The Subsistence Industry

Alexander Etkind, historian of Russia and an expert on the trade in natural resources, discusses the privatization of agriculture after the 1991 breakup the Soviet Union:

Members of the Soviet collective farms had used (but did not own) micro-slots of land, mostly vegetable gardens. After 1991, millions of peasants and dacha owners privatized their small households and gardens. In 1999, a quarter of the Russian population owned a subsidiary plot and was cultivating it. They worked 7 percent of the country’s arable land but produced more than 40 percent of its agricultural output. Amazingly, they provided 92 percent of Russia’s potato harvest, three quarters of its vegetables, almost all of its fruit, and half of its milk and meat. In 2009, the numbers were similar. This was an intensive but premodern agribusiness: whole families worked with shovels on miniscule plots, while elderly women sat on the side of the road, selling herbs by the gram or potatoes by the kilo. But these people were free: the only levy they paid was property tax; they chose their seeds, tools and methods; they owned their land and could sell it whenever they so desired. Russian agriculture had the same two-tier structure as other sectors: one part of the system, populous but mostly poor, fed the ordinary folk with perishable produce that could not be exported; another part, small but wealthy, produced the staples at volume, selling them abroad for convertible cash.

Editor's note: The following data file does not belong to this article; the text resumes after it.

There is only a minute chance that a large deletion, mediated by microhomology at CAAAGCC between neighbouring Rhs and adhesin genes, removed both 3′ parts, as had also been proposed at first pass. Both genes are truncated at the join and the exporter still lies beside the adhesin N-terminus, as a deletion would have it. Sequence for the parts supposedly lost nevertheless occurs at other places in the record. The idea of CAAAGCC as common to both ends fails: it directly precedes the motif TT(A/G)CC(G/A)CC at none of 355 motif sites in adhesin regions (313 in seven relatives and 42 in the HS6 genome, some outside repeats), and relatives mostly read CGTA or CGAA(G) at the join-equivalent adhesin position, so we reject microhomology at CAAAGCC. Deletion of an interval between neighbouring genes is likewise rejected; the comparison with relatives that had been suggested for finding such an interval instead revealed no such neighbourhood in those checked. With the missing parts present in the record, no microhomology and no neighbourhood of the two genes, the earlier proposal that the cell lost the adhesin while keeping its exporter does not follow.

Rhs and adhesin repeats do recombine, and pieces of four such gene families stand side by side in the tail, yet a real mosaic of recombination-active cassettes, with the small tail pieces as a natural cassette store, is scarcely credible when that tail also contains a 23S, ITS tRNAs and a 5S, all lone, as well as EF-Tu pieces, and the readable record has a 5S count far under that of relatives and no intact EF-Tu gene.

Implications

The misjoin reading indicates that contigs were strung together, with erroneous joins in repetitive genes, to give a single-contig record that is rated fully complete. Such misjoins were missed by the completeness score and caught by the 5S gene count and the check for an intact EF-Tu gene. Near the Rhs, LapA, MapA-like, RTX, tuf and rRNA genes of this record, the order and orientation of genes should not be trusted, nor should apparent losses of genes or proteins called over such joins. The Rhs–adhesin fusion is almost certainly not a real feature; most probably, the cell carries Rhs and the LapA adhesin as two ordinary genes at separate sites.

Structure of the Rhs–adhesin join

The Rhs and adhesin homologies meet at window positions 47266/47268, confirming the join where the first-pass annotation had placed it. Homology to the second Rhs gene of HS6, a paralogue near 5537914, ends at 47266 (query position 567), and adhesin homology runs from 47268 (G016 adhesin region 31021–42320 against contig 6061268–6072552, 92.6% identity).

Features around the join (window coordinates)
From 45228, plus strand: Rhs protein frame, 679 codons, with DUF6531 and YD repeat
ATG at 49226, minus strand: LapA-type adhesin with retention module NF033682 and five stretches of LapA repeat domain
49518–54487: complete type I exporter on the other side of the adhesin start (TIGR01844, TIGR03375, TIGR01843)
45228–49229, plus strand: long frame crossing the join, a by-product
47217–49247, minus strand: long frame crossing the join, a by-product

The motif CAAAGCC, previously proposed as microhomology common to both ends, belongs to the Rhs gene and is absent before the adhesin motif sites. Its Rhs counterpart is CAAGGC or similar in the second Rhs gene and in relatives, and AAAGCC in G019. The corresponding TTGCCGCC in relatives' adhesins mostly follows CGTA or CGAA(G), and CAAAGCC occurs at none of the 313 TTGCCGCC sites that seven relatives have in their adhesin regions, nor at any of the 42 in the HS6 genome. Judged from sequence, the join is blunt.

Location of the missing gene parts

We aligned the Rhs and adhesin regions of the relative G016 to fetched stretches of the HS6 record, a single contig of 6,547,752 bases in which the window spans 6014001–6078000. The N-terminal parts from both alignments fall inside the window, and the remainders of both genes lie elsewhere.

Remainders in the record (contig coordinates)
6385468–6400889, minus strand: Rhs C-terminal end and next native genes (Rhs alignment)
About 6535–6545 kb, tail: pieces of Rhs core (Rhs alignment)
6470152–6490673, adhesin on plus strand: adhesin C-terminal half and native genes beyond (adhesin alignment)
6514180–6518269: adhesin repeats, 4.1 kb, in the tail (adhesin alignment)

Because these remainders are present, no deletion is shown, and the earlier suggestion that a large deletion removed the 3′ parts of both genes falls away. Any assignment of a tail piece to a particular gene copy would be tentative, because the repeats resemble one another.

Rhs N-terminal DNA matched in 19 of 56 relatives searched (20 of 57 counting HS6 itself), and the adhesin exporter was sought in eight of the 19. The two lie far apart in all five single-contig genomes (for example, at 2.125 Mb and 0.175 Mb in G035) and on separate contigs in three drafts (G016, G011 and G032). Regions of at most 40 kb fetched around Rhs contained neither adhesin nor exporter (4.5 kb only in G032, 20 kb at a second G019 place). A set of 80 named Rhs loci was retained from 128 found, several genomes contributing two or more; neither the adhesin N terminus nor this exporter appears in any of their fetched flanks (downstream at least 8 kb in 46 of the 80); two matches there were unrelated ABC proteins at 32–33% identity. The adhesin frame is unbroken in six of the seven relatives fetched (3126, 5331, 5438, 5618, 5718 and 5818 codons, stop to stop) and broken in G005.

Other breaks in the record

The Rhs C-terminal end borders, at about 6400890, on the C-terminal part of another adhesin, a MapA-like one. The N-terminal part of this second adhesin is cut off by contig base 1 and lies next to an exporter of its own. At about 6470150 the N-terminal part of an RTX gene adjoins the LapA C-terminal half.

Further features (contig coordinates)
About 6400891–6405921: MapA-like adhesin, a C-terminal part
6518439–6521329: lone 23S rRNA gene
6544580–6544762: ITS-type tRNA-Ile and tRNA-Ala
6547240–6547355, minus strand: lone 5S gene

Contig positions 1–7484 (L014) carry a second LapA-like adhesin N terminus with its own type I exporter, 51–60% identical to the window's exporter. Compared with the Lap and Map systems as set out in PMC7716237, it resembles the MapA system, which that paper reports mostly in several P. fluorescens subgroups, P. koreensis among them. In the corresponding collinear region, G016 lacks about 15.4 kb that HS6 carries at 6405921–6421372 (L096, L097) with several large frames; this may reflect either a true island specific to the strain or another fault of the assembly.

Russia Against Modernity (2023), “Parasitic Governance”

This is amazing. Post-Soviet privatization of the economy in Russia usually meant privatization in the hands of a few, so that the resources could be sold on an international market for international cash, which went to the international bank accounts of those same few owners. As a result, the fruit, vegetable and meat consumption of around 150 million people was treated as an afterthought by the domestic authorities. And so a nation’s grocery store worth of fruits, vegetables and meat was effectively provided by a bunch of subsistence and hobby farmers.

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